There’s always debate about which skills in business analysis are the most important and most transferable. The answers always seem to come back to these:
- Communications Skills
- Interpersonal Skills
- Technical Skills
- Research and Analytical Skills
- Organizational Skills
If you join the International Institute of Business Analysis, you’ll have access to A Guide to the Business Analysis Body of Knowledge (the BABOK Guide) and the underlying business analysis competencies it lists. Here’s more detail on the transferable skills, which should help if you’re considering moving into business analysis as a career:
According to the IIBA oral communication skills are used to verbally express ideas, information or other matters. Written communication skills are necessary for business analysts to document elicitation results, requirements and other information for which medium-to-long term records are required.
Listen and verbally respond to customer’s needs in order to solve problems and provide information and direction, ensuring the customer’s experience is a positive one. Record customer needs, issues and resolutions to maintain accurate records and data for further analysis by management and business development.
Business analysts must be able to work closely with other team members to effectively support their work so that solutions can be effectively implemented. You must also have strong facilitation and negotiation skills: Business analysts facilitate interactions between stakeholders in order to help them resolve disagreements regarding the priority and nature of requirements.
Work with team members to resolve customer issues and/or escalate them to appropriate departments within the organization. As a representative of the organization, utilize your knowledge of its policies to negotiate and facilitate resolution of issues and needs.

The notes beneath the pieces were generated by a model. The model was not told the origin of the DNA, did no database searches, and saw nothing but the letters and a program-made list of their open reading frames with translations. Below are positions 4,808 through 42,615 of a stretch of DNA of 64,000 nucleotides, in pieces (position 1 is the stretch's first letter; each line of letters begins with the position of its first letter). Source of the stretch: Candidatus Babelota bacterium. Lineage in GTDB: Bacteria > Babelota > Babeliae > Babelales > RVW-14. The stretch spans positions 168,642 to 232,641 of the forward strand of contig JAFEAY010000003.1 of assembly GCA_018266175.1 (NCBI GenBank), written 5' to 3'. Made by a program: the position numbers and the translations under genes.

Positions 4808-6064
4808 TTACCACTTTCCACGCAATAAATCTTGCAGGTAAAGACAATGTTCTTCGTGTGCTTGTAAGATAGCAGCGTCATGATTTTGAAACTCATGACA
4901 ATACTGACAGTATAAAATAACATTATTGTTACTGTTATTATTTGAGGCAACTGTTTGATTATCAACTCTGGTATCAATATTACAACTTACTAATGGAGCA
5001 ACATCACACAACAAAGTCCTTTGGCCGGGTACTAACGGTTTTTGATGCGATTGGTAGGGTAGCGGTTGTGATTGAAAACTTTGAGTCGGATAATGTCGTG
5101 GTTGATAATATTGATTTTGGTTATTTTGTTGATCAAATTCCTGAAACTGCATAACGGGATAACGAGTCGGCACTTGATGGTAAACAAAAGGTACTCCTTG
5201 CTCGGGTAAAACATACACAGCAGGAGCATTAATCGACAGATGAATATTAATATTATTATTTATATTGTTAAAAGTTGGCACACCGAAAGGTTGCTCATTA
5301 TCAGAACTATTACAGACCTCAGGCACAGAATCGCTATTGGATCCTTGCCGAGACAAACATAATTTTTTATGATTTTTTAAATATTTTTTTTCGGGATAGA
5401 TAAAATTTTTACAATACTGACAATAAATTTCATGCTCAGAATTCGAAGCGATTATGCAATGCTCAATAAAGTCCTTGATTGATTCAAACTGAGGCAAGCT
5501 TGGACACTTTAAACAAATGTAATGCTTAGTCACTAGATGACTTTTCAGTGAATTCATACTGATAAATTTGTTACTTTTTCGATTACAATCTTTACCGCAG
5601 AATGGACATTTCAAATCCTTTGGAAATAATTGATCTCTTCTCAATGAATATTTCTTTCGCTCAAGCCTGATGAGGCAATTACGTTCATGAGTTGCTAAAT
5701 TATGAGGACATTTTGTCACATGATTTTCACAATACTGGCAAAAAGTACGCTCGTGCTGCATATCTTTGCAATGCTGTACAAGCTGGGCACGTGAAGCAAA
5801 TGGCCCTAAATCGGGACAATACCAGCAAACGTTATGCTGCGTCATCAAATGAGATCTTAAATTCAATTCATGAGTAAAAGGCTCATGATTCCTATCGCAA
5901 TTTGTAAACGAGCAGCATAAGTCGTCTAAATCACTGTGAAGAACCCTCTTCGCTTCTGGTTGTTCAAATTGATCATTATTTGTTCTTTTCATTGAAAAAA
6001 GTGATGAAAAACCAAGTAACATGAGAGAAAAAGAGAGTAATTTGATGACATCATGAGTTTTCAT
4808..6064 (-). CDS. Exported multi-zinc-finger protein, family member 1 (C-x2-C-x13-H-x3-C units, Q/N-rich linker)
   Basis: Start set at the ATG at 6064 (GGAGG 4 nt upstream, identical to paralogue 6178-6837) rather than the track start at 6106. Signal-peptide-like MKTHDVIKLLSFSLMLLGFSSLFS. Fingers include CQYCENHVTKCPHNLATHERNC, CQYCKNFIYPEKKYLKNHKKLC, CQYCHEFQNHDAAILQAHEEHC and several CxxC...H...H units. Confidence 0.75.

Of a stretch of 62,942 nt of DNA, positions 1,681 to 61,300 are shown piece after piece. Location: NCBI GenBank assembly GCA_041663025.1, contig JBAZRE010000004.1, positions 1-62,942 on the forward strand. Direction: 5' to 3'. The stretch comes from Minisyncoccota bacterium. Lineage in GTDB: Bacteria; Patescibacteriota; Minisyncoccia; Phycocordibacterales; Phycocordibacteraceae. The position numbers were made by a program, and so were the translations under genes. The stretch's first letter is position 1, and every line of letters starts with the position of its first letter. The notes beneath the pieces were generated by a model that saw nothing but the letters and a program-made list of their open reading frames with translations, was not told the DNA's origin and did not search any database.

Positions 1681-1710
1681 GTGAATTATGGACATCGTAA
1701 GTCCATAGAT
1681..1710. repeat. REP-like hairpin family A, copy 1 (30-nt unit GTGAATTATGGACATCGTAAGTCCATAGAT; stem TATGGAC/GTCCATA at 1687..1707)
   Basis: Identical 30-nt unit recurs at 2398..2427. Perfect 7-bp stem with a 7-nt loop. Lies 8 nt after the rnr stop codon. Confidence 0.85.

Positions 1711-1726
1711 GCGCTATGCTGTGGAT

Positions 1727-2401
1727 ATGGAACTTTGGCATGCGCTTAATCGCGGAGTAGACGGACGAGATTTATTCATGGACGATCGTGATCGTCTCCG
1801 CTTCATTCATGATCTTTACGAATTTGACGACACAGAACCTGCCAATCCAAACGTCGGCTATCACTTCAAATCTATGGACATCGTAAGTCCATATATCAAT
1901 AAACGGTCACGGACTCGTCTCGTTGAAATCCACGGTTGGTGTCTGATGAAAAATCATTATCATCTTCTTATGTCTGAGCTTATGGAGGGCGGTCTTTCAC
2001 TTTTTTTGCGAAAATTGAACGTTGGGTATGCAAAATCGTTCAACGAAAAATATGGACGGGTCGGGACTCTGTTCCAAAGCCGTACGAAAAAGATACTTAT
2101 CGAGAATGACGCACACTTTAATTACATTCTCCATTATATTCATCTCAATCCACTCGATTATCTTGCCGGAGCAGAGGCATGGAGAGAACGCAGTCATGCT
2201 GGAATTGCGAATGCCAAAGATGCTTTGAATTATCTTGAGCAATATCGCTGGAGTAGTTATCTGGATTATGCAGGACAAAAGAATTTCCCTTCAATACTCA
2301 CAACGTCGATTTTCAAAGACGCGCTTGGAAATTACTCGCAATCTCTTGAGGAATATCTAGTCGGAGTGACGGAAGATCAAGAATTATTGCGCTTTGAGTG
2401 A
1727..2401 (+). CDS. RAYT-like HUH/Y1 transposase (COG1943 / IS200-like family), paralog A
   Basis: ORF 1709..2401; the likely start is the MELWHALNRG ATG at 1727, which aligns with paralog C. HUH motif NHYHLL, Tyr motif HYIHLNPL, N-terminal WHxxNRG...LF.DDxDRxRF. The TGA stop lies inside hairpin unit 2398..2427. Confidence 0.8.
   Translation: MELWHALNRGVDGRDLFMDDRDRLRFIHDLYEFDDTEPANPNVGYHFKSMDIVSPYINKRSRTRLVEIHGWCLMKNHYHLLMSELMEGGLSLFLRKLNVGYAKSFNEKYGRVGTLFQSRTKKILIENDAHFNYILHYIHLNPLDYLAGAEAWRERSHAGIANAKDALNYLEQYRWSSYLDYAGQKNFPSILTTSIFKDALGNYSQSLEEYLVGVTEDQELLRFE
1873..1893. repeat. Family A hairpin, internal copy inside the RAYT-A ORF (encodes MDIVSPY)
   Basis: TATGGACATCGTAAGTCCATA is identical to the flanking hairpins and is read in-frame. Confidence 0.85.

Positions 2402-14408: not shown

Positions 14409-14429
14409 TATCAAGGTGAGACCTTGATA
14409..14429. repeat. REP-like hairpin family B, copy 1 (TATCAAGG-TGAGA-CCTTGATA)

Business analysts use office productivity applications to document and track requirements. At a minimum, business analysts also have to have a fundamental understanding of the business technology infrastructure and databases.
Technical skills are required for use of some of these applications such as customer management software, word processing, etc.
Research and Analytical Skills
Analytical skills are defined in various categories such as creative thinking, learning, systems thinking and problem solving. Business analysts must be effective at defining and solving problems in order to ensure that the real, underlying challenge is understood and that solutions actually address it. Analysis is aided by techniques such as process modeling, organizational modeling, data modeling and business rules analysis. Research skills are aided by techniques such as document analysis, observation and interviews.
Ask probing questions to understand the customer’s need or issue. Review current policy and procedures to ensure resolution of the issue or need is in line with the organization’s contractual obligations to the customer. Use creative thinking to address a customer’s need.
Personal organization skills assist the business analyst in effectively managing tasks and information. So, organize information to ensure a timely response to customer questions.